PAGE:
As Apple Prepares the iPad 3, Hopes Are High for Kindle Fire

Too high, perhaps, as it may turn out to be an unworthy competitor

Strategy Analytics this week issued a report on their latest research which revealed that the Apple iPad had secured a whopping 80 percent share of tablet shipments during the second quarter of 2011 in the hole of North America. All eyes are on Amazon’s Fire tablet now.

Elaborating on Apple’s immense success, Strategy Analytics believes Amazon and other OEMs “will find it hard, but not impossible” to break Apple’ tight grip on the American tablet market.

Alex Spektor, Senior Analyst at Strategy Analytics, said, “Apple completely dominates the North American tablet market, capturing 80 percent share of 7.5 million shipments during Q2 2011.”

Spektor noted that Apple is way ahead key rivals such as Motorola, Samsung, RIM, Asus and HTC, thanks to “a combination of cool branding, user-friendly hardware, entertaining services and savvy retail distribution,”

Neil Mawston, Director at Strategy Analytics, also believes Apple is an amazing market leader, but he has his eye on Amazon too.

He thinks “Amazon’s new tablet product represents a good opportunity to place an Amazon shopping cart in the hands of American consumers, offering optimized access to purchasing digital content or physical goods from the Amazon online store.”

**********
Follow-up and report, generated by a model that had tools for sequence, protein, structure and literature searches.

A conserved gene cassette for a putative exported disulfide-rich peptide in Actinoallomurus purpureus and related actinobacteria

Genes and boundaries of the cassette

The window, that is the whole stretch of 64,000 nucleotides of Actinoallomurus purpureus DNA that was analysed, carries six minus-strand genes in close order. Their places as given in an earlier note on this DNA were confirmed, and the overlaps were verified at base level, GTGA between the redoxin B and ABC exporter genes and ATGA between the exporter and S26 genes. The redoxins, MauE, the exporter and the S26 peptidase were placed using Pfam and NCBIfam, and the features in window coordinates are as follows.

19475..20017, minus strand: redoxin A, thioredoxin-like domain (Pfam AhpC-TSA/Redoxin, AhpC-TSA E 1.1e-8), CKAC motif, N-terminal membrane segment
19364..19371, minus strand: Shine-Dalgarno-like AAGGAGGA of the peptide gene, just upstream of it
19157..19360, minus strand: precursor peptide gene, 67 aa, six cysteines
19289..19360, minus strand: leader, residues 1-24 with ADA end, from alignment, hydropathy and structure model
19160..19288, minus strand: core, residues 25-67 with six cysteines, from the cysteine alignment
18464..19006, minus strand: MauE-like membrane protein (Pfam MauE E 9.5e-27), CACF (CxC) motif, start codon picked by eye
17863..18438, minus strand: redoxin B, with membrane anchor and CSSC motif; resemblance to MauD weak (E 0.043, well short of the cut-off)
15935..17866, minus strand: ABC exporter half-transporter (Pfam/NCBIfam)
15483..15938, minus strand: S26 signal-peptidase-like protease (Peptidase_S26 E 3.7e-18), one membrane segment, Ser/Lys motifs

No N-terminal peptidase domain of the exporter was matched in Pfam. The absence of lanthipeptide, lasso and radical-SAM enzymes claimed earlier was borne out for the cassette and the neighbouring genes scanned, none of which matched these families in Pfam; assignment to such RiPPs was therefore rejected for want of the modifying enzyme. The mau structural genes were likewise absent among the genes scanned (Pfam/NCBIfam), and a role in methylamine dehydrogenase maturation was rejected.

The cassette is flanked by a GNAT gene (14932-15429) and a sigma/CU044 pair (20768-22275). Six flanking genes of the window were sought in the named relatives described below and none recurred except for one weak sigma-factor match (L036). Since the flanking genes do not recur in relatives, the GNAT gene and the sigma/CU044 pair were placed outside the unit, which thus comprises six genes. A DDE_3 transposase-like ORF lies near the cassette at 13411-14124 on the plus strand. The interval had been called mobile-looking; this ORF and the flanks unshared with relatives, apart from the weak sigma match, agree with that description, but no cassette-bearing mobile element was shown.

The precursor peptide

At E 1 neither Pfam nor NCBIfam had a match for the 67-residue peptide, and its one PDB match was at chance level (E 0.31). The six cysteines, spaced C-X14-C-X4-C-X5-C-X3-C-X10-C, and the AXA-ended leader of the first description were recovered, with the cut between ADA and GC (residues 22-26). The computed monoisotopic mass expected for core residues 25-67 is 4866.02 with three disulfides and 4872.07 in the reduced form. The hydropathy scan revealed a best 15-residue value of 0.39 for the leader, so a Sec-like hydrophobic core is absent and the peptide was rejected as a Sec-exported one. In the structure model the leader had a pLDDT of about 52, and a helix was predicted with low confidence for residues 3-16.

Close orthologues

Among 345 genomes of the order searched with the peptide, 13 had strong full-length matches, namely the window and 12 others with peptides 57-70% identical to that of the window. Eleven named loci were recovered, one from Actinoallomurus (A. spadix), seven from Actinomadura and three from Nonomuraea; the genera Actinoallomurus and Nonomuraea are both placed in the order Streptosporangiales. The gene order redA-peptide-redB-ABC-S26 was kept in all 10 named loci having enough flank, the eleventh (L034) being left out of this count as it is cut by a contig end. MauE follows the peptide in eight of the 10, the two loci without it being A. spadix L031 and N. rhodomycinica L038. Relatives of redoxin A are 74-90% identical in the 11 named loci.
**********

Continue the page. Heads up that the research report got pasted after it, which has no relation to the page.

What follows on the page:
However, Mawston had issued his estimates before the unveiling of Amazon’s Kindle Fire.

On September 27, he said: “Provided the pricing, screen size and hardware design are right, Amazon can be one of the main challengers to Apple’s dominance. Like Apple, Amazon has a strong brand, compelling content, sophisticated billing systems and widespread distribution.”

Following the tablet's launch yesterday, hopes remained high among analysts that Apple's iPad was facing true competition for the first time.

Yet a 7-inch screen, no 3G wireless, and just 8GB of storage hardly make the Fire a worthy adversary for the iPad - not even for the first generation Apple tablet, not to mention the iPad 2.

Granted, the tablet does pose its benefits, like free cloud storage, the various free offerings, the highly customizable Android OS, and the $200 price tag.

But, as Apple fans may know, a third iPad is expected to arrive early next year, and people who want a true tablet experience don’t seem to be shy of heftier price tags. It may just be that Amazon has arrived too late to the tablet game, much like all the other Apple rivals.

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